Former Pakistani President's 2007 Emergency Rule Declared Unconstitutional
Saturday, August 1, 2009
ISLAMABAD, Pakistan, July 31 -- Pakistan's Supreme Court ruled Friday that former president Pervez Musharraf violated the constitution by declaring emergency rule in 2007, a verdict widely viewed as a rebuke to the retired general's military regime.
The ruling, which prompted jubilant chants by the crowd in the packed courtroom, raises the possibility that the federal government could bring treason charges against Musharraf and further volatility to this unstable nation. The decision also invalidated judicial appointments made by Musharraf under a provisional constitution during the six weeks of emergency rule.
"I think this is a decision that has established independence for the judiciary in Pakistan," said Hamid Khan, former president of the Supreme Court Bar Association, who represented the group that filed a petition against the emergency order. "It will certainly be a boost for our democracy and will block the way for any future military adventurer."
Pakistani President Asif Ali Zardari, an opponent of Musharraf, described the verdict in a statement as "most welcome" and "a triumph of the democratic principles, a stinging negation of dictatorship."
The verdict was delivered by Chief Justice Iftikhar Mohammed Chaudhry, who was sacked for the second time in November 2007, along with dozens of other judges, when Musharraf declared emergency rule, suspended the constitution, shut down television stations and imprisoned opponents. At the time, Musharraf justified his actions by citing growing extremism in the country, but many saw the actions as an attempt to ensure his political survival, given that court was deliberating whether to disqualify him from proceeding with a second five-year term.
Musharraf's moves fueled a protest movement of lawyers and civil society advocates that swept the country and brought about the reinstatement of the chief justice and other judges in March.
"After these two years of the movement, there's a change in the mindset of Pakistan. They do not want any military intervention. They want matters to be moving according to the constitution," said Athar Minallah, a leader of the lawyers' movement. "This will have far-reaching consequences," he added, referring to the decision.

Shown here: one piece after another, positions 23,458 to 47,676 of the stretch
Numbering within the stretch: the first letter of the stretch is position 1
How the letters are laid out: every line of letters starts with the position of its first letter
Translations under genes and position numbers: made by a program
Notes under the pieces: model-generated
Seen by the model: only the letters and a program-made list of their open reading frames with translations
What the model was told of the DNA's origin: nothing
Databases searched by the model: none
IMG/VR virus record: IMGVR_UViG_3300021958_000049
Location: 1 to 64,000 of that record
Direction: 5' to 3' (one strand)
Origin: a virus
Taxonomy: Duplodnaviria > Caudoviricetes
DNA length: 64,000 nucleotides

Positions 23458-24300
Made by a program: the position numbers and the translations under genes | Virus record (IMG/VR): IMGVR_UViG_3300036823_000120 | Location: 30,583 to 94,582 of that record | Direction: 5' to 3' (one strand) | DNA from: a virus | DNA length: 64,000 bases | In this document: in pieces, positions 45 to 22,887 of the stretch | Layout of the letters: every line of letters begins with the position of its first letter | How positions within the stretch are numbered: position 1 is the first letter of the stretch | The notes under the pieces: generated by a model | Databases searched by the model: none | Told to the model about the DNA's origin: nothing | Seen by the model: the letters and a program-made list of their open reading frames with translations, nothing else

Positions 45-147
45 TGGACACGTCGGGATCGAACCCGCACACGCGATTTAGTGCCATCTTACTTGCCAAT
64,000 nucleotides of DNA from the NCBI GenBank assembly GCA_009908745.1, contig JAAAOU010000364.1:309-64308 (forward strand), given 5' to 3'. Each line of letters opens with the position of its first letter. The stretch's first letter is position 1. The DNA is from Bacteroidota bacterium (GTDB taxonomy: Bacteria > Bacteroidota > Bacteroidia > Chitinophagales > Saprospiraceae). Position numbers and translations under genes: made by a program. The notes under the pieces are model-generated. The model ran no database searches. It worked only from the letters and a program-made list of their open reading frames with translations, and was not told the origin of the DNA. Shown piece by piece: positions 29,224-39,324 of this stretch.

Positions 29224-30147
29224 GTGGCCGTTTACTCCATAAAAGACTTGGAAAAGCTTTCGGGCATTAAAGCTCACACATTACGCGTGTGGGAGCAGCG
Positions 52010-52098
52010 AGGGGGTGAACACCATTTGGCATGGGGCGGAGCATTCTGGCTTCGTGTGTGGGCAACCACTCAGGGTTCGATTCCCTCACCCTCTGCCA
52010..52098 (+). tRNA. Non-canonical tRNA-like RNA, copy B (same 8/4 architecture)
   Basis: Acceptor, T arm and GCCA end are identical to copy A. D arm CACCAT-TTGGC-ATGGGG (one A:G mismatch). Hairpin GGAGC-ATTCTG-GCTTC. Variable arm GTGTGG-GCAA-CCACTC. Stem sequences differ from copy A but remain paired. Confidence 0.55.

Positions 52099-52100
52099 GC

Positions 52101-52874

Chaudhry delivered the verdict Friday evening in a 45-minute speech that the assembled crowd strained to hear over the rain that hammered down on the Supreme Court building's vaulted roof. But the words "illegal" and "unconstitutional" were heard frequently enough that the result was clear, and the crowd celebrated with chants of "long live the Supreme Court!" Television news footage showed people reveling in the streets in Pakistani cities.
The court did not invalidate the decisions made by the judges Musharraf appointed, but said their jobs no longer exist. It also said that Parliament should decide which laws passed under emergency rule would stand.
Musharraf, who now lives in London, stepped down in August 2008 after nearly nine years in power, facing the threat of impeachment. The Supreme Court summoned him to discuss the case this week, but neither he nor an attorney attended.
The federal government could now prosecute Musharraf, according to lawyers at the courthouse. Nazir Ahmed, a member of Britain's House of Lords who was present for Friday's verdict, said that evidence was being gathered in London on possible breaches of international law "relating to abductions, torture and war crimes committed by the former dictator."
Minallah, the activist lawyer, said, "If the people of this country want the prosecution of Musharraf, the entire pressure will shift to the Parliament and the federal government. So that will be the first impact of this decision."
Special correspondent Shaiq Hussain contributed to this report.